</p>projecteuclid.org/euclid.bj/1551862841_20190306040120Wed, 06 Mar 2019 04:01 ESTTowards a general theory for nonlinear locally stationary processeshttps://projecteuclid.org/euclid.bj/1551862842<strong>Rainer Dahlhaus</strong>, <strong>Stefan Richter</strong>, <strong>Wei Biao Wu</strong>. <p><strong>Source: </strong>Bernoulli, Volume 25, Number 2, 1013--1044.</p><p><strong>Abstract:</strong><br/>
In this paper, some general theory is presented for locally stationary processes based on the stationary approximation and the stationary derivative. Laws of large numbers, central limit theorems as well as deterministic and stochastic bias expansions are proved for processes obeying an expansion in terms of the stationary approximation and derivative. In addition it is shown that this applies to some general nonlinear non-stationary Markov-models. In addition the results are applied to derive the asymptotic properties of maximum likelihood estimates of parameter curves in such models.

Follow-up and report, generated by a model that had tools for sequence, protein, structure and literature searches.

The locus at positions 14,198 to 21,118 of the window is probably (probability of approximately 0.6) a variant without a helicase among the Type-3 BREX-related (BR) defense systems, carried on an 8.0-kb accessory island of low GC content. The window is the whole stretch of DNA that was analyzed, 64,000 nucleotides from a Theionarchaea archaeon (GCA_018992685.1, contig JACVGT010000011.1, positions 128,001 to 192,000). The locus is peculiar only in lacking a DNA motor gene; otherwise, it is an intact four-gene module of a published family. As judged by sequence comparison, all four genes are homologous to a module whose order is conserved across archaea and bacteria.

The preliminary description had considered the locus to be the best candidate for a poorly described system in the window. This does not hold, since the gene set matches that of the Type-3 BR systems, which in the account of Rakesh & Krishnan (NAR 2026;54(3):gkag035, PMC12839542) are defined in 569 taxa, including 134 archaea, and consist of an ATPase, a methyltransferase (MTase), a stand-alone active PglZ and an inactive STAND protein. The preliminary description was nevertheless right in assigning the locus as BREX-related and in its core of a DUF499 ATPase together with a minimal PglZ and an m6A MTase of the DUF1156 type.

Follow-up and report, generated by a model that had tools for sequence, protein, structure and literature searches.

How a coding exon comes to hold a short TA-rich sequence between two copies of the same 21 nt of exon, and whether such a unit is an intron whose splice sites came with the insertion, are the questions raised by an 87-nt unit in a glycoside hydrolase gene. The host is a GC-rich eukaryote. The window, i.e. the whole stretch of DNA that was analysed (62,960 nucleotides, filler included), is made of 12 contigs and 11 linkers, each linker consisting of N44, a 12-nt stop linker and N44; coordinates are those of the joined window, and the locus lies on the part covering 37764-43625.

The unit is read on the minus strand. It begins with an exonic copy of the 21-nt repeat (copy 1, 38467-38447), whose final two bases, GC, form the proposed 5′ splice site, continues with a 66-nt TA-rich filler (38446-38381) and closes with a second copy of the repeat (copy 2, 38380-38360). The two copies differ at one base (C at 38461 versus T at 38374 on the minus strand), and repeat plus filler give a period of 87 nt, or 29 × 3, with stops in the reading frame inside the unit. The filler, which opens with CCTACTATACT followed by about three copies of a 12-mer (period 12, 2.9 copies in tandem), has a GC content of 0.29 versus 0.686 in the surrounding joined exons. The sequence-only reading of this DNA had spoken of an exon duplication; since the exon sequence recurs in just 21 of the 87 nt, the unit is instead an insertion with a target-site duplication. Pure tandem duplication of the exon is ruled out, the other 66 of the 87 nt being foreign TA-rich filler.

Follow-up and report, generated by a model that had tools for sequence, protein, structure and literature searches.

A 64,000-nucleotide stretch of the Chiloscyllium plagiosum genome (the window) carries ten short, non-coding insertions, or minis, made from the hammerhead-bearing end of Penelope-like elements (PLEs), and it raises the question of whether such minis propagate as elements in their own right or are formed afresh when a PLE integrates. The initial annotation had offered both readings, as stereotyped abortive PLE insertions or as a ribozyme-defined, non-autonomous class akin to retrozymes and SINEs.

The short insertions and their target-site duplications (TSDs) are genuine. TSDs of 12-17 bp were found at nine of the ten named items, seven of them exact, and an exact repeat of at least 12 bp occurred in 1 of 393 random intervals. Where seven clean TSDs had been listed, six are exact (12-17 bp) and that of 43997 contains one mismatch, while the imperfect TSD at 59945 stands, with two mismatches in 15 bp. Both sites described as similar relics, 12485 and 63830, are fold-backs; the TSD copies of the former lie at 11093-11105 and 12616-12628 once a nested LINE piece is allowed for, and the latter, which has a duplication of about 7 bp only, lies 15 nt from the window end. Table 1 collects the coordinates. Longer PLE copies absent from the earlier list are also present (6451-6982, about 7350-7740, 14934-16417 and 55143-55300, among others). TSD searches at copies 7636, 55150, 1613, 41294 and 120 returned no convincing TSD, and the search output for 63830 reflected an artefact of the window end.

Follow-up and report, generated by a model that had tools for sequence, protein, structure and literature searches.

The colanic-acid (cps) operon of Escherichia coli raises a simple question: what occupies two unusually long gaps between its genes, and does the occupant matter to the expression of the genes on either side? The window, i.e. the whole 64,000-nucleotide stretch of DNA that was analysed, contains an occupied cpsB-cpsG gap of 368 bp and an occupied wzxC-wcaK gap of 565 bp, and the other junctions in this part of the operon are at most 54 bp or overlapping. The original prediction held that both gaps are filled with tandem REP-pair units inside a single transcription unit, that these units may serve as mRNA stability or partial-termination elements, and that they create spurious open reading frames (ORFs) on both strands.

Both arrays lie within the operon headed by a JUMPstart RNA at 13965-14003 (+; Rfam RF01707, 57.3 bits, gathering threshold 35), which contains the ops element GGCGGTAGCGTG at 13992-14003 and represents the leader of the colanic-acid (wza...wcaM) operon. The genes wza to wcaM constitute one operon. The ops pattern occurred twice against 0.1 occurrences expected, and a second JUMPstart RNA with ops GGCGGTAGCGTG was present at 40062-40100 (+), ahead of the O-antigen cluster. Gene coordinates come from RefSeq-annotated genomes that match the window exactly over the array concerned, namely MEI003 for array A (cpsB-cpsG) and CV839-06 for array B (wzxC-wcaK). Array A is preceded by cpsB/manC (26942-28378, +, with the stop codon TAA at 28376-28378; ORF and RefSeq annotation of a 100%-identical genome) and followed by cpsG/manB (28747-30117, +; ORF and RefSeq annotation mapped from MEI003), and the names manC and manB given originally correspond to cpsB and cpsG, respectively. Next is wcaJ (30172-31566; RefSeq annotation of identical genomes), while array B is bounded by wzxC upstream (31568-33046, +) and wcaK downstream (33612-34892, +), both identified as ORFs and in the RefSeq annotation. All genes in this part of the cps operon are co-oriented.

</p>projecteuclid.org/euclid.bj/1551862842_20190306040120Wed, 06 Mar 2019 04:01 ESTProperties of switching jump diffusions: Maximum principles and Harnack inequalitieshttps://projecteuclid.org/euclid.bj/1551862843<strong>Xiaoshan Chen</strong>, <strong>Zhen-Qing Chen</strong>, <strong>Ky Tran</strong>, <strong>George Yin</strong>. <p><strong>Source: </strong>Bernoulli, Volume 25, Number 2, 1045--1075.</p><p><strong>Abstract:</strong><br/>
This work examines a class of switching jump diffusion processes. The main effort is devoted to proving the maximum principle and obtaining the Harnack inequalities. Compared with the diffusions and switching diffusions, the associated operators for switching jump diffusions are non-local, resulting in more difficulty in treating such systems. Our study is carried out by taking into consideration of the interplay of stochastic processes and the associated systems of integro-differential equations.
</p>projecteuclid.org/euclid.bj/1551862843_20190306040120Wed, 06 Mar 2019 04:01 ESTError bounds in local limit theorems using Stein’s methodhttps://projecteuclid.org/euclid.bj/1551862844<strong>A.D. Barbour</strong>, <strong>Adrian Röllin</strong>, <strong>Nathan Ross</strong>. <p><strong>Source: </strong>Bernoulli, Volume 25, Number 2, 1076--1104.</p><p><strong>Abstract:</strong><br/>